Apache 2.2 - Multiple Ports

I asked this question before but got no decent answer. I know it's possible.

I have 2 codebases, I want them served using the same instance of apache 2.2, but on different ports (On windows XP).

Can someone please tell me what I need to do in the config file to set this up? Thanks!
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basiclifeAsked:
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giltjrCommented:
I am not sure what you mean by 2 bodebases, but I would assume that you can create two virtual hosts and specify the ports you want to use there:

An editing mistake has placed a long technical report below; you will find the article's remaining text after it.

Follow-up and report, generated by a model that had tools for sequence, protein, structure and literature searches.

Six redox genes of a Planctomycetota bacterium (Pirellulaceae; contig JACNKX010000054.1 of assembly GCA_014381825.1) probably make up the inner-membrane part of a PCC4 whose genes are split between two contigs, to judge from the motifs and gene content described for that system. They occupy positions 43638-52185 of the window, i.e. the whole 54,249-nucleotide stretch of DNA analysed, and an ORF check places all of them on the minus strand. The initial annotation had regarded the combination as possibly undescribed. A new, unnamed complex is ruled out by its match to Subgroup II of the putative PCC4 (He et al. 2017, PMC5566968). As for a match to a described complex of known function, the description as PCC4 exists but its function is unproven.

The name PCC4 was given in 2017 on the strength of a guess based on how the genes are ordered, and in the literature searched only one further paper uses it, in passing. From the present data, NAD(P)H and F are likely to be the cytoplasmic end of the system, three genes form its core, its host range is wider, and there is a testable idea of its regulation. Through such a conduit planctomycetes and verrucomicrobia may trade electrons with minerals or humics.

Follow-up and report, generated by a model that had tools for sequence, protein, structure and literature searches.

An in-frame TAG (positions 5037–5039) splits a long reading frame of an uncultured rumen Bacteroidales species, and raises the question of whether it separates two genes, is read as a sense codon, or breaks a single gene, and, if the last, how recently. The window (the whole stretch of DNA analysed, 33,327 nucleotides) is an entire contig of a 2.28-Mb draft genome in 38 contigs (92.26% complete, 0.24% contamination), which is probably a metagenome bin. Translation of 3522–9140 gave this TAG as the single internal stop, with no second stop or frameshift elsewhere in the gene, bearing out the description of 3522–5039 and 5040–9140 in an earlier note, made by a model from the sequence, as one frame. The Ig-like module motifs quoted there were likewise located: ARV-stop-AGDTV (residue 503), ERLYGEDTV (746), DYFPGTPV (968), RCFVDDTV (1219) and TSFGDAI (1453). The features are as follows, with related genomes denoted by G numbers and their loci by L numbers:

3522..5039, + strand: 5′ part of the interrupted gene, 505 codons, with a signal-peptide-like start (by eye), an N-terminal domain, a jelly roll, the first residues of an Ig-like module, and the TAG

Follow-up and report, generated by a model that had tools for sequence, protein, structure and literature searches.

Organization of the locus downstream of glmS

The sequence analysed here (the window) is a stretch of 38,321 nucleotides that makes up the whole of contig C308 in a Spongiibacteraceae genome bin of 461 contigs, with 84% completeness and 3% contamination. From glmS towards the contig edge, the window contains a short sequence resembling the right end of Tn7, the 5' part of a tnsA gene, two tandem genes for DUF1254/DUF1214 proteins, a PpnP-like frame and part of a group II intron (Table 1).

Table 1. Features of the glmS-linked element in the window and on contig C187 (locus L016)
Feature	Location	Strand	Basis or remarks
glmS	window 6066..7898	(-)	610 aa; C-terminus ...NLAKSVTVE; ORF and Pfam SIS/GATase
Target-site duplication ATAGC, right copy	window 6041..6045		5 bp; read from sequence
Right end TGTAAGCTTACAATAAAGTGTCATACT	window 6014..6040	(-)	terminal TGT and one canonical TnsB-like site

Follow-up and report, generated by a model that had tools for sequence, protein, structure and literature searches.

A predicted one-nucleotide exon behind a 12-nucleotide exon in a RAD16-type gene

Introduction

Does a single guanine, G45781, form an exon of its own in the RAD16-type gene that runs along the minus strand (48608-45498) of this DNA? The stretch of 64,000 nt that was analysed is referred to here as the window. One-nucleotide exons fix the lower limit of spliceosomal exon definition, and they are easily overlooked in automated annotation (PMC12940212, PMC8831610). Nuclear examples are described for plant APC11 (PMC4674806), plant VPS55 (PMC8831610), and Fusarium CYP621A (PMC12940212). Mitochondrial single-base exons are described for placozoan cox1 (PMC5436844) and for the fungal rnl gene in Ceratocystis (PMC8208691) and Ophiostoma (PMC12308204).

<Virtualhost 1.2.3.4:81>
Servername codebase1
"other required virtual hosts statments>
</Virtualhost>


<Virtualhost 1.2.3.4:82>
Servername codebase2
"other required virtual hosts statments>
</Virtualhost>
 
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giltjrCommented:
Now just remember that when somebody want to get to codebase1 they will need to enter:

     http://codebase1:81

and when they want to get to codebase2 it would be:

     http://codebase2:82

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basiclifeAuthor Commented:
That sounds like exactly what I need. by codebases, I suppose I mean document roots....

Will give it a try and be back to you ASAP
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basiclifeAuthor Commented:
Ok I have:

Listen 80
Listen 81

<VirtualHost <myip>:81>
      ServerName <myip>